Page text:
GIRM 335-336: Material and Design

A lot of fuss from Rome in the past decade or two about the blurring of roles at Mass. But honestly, except for children who are altar servers and the very occasional choir robe, in North America, vestments are all about clergy:

335. In the Church, which is the Body of Christ, not all members have the same function. This diversity of offices is shown outwardly in the celebration of the Eucharist by the diversity of sacred vestments, which must therefore be a sign of the function proper to each minister. Moreover, these same sacred vestments should also contribute to the decoration of the sacred action itself. The vestments worn by Priests and Deacons, as well as the attire worn by lay ministers, are blessed before being put into liturgical use according to the rite described in the Roman Ritual.[Book of Blessings 1070]

336. The sacred garment common to all ordained and instituted ministers of any rank is the alb, to be tied at the waist with a cincture unless it is made so as to fit even without such. Before the alb is put on, should this not completely cover the ordinary clothing at the neck, an amice should be used. The alb may not be exchanged for a surplice, not even over a cassock, on occasions when a chasuble or dalmatic is to be worn or when, according to the norms, only a stole is worn without a chasuble or dalmatic.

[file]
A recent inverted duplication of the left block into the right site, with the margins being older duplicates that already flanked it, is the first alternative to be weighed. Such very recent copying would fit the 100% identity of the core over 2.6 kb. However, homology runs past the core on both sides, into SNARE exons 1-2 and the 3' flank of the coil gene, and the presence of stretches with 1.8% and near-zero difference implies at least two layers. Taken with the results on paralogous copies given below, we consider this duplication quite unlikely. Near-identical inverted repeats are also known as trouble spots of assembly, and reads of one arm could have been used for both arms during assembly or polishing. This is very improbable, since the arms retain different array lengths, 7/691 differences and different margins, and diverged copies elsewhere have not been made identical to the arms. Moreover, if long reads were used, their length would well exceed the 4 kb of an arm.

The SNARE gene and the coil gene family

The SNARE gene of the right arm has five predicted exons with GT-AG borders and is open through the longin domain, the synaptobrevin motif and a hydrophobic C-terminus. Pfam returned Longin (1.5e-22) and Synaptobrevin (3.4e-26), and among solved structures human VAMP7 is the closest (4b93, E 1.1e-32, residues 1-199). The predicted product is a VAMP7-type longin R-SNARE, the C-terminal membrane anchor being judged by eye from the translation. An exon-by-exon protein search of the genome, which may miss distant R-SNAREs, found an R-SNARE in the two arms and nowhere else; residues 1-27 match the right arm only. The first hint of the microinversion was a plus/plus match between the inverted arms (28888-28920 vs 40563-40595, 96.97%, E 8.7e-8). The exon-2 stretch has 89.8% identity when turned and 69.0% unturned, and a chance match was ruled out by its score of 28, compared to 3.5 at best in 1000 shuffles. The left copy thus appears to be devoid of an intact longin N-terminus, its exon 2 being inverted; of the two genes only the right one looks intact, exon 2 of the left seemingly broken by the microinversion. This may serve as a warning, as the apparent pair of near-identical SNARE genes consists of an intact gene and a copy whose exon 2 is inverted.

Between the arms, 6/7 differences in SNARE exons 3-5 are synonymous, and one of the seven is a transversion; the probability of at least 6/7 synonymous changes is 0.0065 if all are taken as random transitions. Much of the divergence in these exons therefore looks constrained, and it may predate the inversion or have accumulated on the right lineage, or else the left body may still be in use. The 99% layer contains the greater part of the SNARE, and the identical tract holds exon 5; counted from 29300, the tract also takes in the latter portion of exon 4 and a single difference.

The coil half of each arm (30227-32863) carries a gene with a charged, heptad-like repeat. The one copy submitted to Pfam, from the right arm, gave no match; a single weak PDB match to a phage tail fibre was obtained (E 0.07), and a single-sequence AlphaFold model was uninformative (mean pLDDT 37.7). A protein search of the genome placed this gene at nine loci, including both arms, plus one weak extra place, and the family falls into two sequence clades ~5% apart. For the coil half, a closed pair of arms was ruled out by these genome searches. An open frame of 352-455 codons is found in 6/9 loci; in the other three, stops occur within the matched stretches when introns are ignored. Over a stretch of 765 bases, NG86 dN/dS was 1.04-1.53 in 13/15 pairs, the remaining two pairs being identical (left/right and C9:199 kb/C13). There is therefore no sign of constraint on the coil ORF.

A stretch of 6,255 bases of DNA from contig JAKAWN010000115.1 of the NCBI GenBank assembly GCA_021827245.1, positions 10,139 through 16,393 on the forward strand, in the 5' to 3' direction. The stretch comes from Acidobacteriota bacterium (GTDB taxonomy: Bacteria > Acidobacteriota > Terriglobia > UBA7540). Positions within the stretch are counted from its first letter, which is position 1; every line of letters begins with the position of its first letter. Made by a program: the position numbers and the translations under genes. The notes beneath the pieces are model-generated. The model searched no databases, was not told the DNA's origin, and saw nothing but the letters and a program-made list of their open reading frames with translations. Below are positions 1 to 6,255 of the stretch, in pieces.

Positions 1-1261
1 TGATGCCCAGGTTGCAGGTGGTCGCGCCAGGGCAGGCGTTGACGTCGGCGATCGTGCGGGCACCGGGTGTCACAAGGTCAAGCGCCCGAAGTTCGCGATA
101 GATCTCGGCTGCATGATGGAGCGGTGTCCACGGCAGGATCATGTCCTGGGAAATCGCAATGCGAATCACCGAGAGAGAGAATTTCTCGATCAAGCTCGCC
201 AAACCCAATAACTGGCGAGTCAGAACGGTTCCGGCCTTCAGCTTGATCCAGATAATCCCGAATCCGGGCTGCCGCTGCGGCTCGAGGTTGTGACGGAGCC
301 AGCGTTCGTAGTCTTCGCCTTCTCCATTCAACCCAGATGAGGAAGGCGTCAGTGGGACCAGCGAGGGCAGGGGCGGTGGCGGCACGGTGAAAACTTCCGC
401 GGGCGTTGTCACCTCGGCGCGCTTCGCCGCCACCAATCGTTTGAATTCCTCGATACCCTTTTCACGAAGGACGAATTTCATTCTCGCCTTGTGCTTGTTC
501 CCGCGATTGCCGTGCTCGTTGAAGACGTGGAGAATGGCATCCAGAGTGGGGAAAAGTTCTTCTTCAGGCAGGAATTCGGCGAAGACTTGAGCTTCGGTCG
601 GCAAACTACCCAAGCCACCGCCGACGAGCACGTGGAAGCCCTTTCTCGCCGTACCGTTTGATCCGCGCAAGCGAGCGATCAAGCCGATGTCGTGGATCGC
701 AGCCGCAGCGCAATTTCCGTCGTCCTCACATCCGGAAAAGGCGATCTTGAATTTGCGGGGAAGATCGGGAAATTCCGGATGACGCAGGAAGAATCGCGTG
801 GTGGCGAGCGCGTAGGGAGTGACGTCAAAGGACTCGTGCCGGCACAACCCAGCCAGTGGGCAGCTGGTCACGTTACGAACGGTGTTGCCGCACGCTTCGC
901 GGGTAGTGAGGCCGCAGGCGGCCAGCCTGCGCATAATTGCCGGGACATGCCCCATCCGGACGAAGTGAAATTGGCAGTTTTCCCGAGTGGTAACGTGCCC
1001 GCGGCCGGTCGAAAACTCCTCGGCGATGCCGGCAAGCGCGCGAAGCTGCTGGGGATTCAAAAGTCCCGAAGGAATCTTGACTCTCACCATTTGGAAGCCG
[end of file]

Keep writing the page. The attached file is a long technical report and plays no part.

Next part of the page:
About catholicsensibility

Todd lives in the Pacific Northwest, serving a Catholic parish as a lay minister.
This entry was posted in GIRM, post-conciliar liturgy documents. Bookmark the permalink.

One Response to GIRM 335-336: Material and Design

  1. Liam says:

    How often do clerics wear albs these day that are not fitted to be worn without a cincture or amice? I certainly remember the very light, blousy albs (which required cincture and amice) of yore, but it’s rare that I see such now where I am.

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